New Romantic


Sheffield band ABC revolved around Martin Fry (a onetime fanzine editor of a rag called Modern Drugs) and rose from the ashes of post-punk group Vice Versa. On their first album, The Lexicon Of Love (1982) , Fry set his own Bryan Ferry-influenced vocals in lustrous pop production (by Buggles frontman Trevor Horn) laden with keyboards and strings to a techno-soul(...)


A duo consisting of singer and guitarist Neil Arthur from Lancashire and keyboard player Stephen Luscombe from Middlesex, Blancmange released a non-charting EP in 1981 titled - with Morrissey-like kitsch wit - Irene and Mavis. Although it vanished without a trace, ''Stevo'' Pearse at Some Bizarre (manager of Soft Cell and The The) was keen enough(...)

Classix Nouveaux

Another bunch of synth-mongers to make it to the big time thanks to an appearance on the Some Bizarre label sampler, Classix Nouveaux and their singer - the Hatfield-born Sal Solo - made an immediate visual impact thanks to Solo's bald head. They signed to the Liberty label in 1981 and scored a handful of(...)

Duran Duran

The band that most surely have come closest to being The Beatles of their day, since (like The Beatles) they were a blonde five piece from Birmingham . . . er. Their image of being a teeny bopper band whose fans were all under ten did not stop their meteoric rise to stardom. Formed in Birmingham, England, in(...)

Flock Of Seagulls

This new wave electro-pop act from Liverpool, England, had remarkable success in the USA before finding a large following in Britain. Originally called Tontrix the band comprised Mike Score (keyboards, vocals), Ali Score (drum machine, vocals), Paul Reynolds (guitar) and Frank Maudsley (bass). Following an adventurous EP on Bill Nelson's Cocteau label, the band made their album debut(...)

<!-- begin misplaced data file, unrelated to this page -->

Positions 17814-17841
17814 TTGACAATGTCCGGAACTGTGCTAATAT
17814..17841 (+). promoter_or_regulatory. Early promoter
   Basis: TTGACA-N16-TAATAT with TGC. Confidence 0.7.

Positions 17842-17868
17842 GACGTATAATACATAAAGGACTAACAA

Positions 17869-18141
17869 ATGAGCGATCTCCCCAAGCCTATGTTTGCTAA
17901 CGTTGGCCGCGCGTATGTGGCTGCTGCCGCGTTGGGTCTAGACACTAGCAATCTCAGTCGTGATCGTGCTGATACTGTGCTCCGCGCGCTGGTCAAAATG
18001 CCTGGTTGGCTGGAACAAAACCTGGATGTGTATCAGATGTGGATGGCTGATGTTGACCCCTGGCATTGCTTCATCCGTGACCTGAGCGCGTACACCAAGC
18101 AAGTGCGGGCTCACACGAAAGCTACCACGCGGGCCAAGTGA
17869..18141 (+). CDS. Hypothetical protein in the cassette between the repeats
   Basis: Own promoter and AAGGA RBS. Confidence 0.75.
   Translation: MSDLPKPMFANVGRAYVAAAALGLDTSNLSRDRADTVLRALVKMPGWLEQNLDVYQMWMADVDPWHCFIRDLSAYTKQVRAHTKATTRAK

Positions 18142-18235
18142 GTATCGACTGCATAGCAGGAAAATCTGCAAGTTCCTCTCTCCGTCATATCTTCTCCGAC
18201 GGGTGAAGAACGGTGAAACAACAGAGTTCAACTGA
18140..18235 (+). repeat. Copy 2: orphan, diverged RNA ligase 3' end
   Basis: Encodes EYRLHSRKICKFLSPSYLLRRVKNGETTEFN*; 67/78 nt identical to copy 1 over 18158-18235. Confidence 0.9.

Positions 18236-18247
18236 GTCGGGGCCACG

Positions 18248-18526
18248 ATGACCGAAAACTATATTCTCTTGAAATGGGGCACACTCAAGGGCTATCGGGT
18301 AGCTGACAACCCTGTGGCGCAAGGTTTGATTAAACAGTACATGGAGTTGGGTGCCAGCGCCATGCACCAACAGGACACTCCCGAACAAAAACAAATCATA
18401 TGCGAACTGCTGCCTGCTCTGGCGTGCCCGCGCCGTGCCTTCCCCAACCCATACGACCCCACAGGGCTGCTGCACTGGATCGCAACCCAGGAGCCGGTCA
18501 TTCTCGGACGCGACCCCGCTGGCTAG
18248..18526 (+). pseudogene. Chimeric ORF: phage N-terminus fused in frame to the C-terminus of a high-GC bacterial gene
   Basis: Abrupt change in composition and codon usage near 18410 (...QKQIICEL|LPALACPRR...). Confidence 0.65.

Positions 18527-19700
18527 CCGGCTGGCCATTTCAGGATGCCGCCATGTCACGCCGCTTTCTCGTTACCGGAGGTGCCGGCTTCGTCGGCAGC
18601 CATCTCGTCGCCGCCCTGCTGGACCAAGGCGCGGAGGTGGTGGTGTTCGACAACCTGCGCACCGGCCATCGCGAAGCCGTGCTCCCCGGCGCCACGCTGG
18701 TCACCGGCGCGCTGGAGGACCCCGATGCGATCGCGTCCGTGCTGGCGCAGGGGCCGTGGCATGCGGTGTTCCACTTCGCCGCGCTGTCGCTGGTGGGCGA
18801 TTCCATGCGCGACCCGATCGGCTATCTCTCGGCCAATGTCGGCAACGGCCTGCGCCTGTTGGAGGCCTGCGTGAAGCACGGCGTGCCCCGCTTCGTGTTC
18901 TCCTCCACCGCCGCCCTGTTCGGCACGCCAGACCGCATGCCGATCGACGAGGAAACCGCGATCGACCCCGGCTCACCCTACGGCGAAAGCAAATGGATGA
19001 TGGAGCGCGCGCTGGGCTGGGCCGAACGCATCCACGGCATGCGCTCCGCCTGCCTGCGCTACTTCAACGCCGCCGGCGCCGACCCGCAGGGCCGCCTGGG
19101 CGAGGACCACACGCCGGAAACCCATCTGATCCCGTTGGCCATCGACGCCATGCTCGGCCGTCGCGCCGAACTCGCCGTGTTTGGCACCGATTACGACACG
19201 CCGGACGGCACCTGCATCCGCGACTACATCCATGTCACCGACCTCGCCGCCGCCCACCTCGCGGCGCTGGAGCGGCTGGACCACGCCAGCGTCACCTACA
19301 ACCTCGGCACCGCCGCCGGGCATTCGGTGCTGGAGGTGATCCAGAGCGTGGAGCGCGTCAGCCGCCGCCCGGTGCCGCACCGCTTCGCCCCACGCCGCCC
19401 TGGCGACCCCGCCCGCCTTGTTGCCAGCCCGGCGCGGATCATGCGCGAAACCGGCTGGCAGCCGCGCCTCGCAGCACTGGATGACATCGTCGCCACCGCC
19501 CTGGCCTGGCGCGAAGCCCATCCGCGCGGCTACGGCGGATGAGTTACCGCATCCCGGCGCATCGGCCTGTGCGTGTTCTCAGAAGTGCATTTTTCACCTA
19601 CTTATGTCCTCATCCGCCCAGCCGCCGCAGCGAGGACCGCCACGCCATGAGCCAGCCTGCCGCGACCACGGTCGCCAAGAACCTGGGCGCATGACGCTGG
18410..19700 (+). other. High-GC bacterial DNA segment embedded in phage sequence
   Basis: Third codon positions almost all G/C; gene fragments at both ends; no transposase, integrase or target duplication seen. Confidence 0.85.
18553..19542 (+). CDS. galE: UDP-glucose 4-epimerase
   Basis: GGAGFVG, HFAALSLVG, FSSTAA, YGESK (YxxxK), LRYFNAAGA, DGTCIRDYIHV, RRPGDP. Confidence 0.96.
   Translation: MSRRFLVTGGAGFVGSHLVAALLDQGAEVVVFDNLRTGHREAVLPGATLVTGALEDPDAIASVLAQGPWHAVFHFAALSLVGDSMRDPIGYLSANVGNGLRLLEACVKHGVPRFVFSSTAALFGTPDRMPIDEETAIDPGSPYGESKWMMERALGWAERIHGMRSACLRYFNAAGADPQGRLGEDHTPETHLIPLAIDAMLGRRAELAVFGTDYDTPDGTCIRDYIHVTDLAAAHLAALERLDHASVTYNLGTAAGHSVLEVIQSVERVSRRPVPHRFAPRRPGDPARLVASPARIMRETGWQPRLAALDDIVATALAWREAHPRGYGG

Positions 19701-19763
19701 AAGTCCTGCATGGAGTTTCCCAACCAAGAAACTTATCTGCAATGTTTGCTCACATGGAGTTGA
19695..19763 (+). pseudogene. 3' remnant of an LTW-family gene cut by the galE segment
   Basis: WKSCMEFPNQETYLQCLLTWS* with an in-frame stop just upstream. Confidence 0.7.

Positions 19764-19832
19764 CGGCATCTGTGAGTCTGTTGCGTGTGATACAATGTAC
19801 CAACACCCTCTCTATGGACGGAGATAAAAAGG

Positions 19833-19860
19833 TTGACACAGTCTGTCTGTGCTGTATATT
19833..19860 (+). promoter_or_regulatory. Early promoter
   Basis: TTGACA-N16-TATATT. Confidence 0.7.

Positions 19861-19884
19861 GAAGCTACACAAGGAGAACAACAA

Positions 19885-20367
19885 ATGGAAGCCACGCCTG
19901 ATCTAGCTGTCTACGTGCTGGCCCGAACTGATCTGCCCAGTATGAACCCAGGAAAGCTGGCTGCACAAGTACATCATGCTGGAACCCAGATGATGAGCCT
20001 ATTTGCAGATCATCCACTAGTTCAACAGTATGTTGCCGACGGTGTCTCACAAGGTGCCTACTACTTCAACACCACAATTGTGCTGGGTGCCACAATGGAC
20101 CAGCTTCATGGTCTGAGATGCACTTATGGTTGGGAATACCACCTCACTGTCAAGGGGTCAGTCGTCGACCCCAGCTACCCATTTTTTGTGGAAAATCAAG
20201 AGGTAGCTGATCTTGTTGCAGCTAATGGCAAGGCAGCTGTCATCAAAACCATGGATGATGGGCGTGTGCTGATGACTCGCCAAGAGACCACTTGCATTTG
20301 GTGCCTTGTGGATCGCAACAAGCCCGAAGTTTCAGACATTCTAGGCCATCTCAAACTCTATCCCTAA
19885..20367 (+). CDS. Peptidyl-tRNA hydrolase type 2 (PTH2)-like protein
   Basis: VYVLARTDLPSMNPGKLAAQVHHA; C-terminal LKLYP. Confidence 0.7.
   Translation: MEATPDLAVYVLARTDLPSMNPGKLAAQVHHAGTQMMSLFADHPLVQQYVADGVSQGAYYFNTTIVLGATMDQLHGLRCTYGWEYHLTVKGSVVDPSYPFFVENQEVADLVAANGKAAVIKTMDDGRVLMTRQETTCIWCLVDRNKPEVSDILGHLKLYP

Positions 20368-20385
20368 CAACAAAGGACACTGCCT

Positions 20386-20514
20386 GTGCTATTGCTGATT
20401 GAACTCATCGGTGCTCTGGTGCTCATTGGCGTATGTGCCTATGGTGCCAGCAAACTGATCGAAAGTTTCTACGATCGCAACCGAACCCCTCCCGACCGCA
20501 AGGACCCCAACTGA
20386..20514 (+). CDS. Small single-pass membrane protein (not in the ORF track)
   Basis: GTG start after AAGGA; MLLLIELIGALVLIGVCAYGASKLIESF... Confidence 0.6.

Heaven 17

Glenn Gregory, the only son of a steel worker, was born in Sheffield and grew up on the Flower Council Estate in Shire Green, one of the poorest and roughest areas of Sheffield. As a frustrated 16-year old he found salvation at the Meatwhistle theatre/arts workshop, where he met Phil Oakey, Adi Newton, Martyn Ware(...)

Human League

A lead singer with pierced nipples and half a head of hair, and two bits of Sheffield totty, discovered dancing in a disco. The band was initially formed as a synthesizer duo called The Dead Daughters in 1977 by computer operators and synthesizer players Martyn Ware and Ian Craig-Marsh . A few months later Phil(...)

New Romantic

Each decade of popular music so far has its merits and its embarrassments. But perhaps the most derided of them all is the Eighties. Looking back on this most confused of eras - a juxtaposition of gloom (urban decay in Sheffield) and luminescence (the fluorescent socks your auntie bought you in 1983) - it's easy(...)

New Romantic Movement

The "New Romantic" movement was a new and distinctive music and fashion genre that sprang up in Britain in the early 80s as a reaction to the anti-fashion of punk. After all, anyone could slap on a T-shirt, write "Destroy" across the front and rip their jeans with a razor. But to look like a(...)

Spandau Ballet

In September 1976, having just left school in Islington, North London, Gary Kemp formed power pop band The Makers with friends Tony Hadley, John Keeble, Steve Norman and Richard Miller. Three years later, after Miller left, Kemp's brother Martin joined the band on bass and they renamed themselves Spandau Ballet - taking their name from the grim(...)


Poster boys for the New Romantic movement until Spandau Ballet and Duran Duran came along, took their ball and ran off with it, Steve Strange's Visage had more of a career than most observers imagine. While their December 1980 single Fade To Grey was (and remains) a landmark single for the scene - and for the whole synth pop movement in general -(...)